Again, the Shirley/Surely Exception strikes, and again and again right wingers of the not quite so extremist faction keep voting for extreme policies because, well, **SURELY** there's an exception for the good ones!
posted by sotonohito at 2:44 PM on October 26, 2019 [14 favorites]


Can't help feeling that nothing has been learned at all in this process, even by well-intentioned folk.

Right?
posted by humboldt32 at 3:22 PM on October 26, 2019 [4 favorites]


**SURELY** there's an exception for the good ones!

The shade of Martin Niemöller would like a word with those folks.
posted by Halloween Jack at 9:51 PM on October 26, 2019 [3 favorites]


Again, the Shirley/Surely Exception strikes

OK this is brilliant to the point that I feel it should be on some sort of a mandatory curriculum somewhere.
posted by Pyrogenesis at 11:19 PM on October 26, 2019 [2 favorites]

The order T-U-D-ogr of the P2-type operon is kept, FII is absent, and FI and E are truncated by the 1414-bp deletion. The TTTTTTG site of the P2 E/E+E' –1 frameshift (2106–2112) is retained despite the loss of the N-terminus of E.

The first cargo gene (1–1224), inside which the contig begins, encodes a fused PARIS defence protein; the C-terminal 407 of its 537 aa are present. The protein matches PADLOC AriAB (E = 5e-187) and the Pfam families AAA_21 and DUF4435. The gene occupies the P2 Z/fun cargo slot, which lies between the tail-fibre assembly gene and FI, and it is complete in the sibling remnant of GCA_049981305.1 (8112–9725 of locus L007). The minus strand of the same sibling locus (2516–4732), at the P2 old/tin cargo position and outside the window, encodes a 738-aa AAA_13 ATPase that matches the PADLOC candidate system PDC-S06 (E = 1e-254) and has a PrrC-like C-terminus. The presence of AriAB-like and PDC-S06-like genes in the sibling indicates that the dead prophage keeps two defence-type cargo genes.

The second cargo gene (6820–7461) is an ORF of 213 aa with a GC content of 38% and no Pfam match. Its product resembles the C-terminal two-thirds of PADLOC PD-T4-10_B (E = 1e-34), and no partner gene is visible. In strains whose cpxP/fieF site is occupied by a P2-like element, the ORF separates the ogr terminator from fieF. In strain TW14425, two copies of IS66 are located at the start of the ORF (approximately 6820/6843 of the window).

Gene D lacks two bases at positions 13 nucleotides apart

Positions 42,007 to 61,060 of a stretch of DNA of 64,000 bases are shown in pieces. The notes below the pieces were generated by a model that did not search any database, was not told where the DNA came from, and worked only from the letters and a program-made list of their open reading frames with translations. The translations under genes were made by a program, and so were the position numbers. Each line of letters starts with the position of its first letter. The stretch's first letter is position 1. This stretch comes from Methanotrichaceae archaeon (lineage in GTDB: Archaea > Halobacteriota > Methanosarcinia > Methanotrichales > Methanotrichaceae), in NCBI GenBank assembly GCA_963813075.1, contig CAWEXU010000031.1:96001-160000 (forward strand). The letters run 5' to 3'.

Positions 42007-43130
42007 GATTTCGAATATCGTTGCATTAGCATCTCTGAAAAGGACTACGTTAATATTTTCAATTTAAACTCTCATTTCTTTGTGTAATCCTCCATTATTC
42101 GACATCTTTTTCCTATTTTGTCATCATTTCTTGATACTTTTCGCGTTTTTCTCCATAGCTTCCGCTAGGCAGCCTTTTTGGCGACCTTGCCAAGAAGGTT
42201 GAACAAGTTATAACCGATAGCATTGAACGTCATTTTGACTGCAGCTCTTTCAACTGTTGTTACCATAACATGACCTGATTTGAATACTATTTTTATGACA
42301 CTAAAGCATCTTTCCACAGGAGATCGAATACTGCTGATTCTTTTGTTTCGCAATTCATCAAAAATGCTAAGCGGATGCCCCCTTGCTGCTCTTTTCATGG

Christ so many of these guys still Just Don't Get It. The endless casually dropping of upper middle class signifiers is aggravating, even to me. At least Mary Beard and Michael Faber are there to think a little deeper and a little more critically.
posted by Braeburn at 11:53 PM on October 26, 2019 [9 favorites]


Not to abuse the edit window, as I lie in my home in Europe: Brexit is he worst thing, and I feel every day like someone is trying to pull a part of me away. My experiences of Europe are totally in line with those described in the article. In the words of my partner, 'europe has been so good for me, a person with enough wealth to fully immerse myself in it'. I get that being in the EU has made us all richer but that's sort of intangible isn't it?
posted by Braeburn at 11:58 PM on October 26, 2019 [3 favorites]


lesbiassparrow's comment above pretty much nails it. The E.U. for many of these writers is a cosmopolitan dream. Poverty, in comparison, can shrink your world, and if you don't have the money to partake in that dream, it's pretty much meaningless.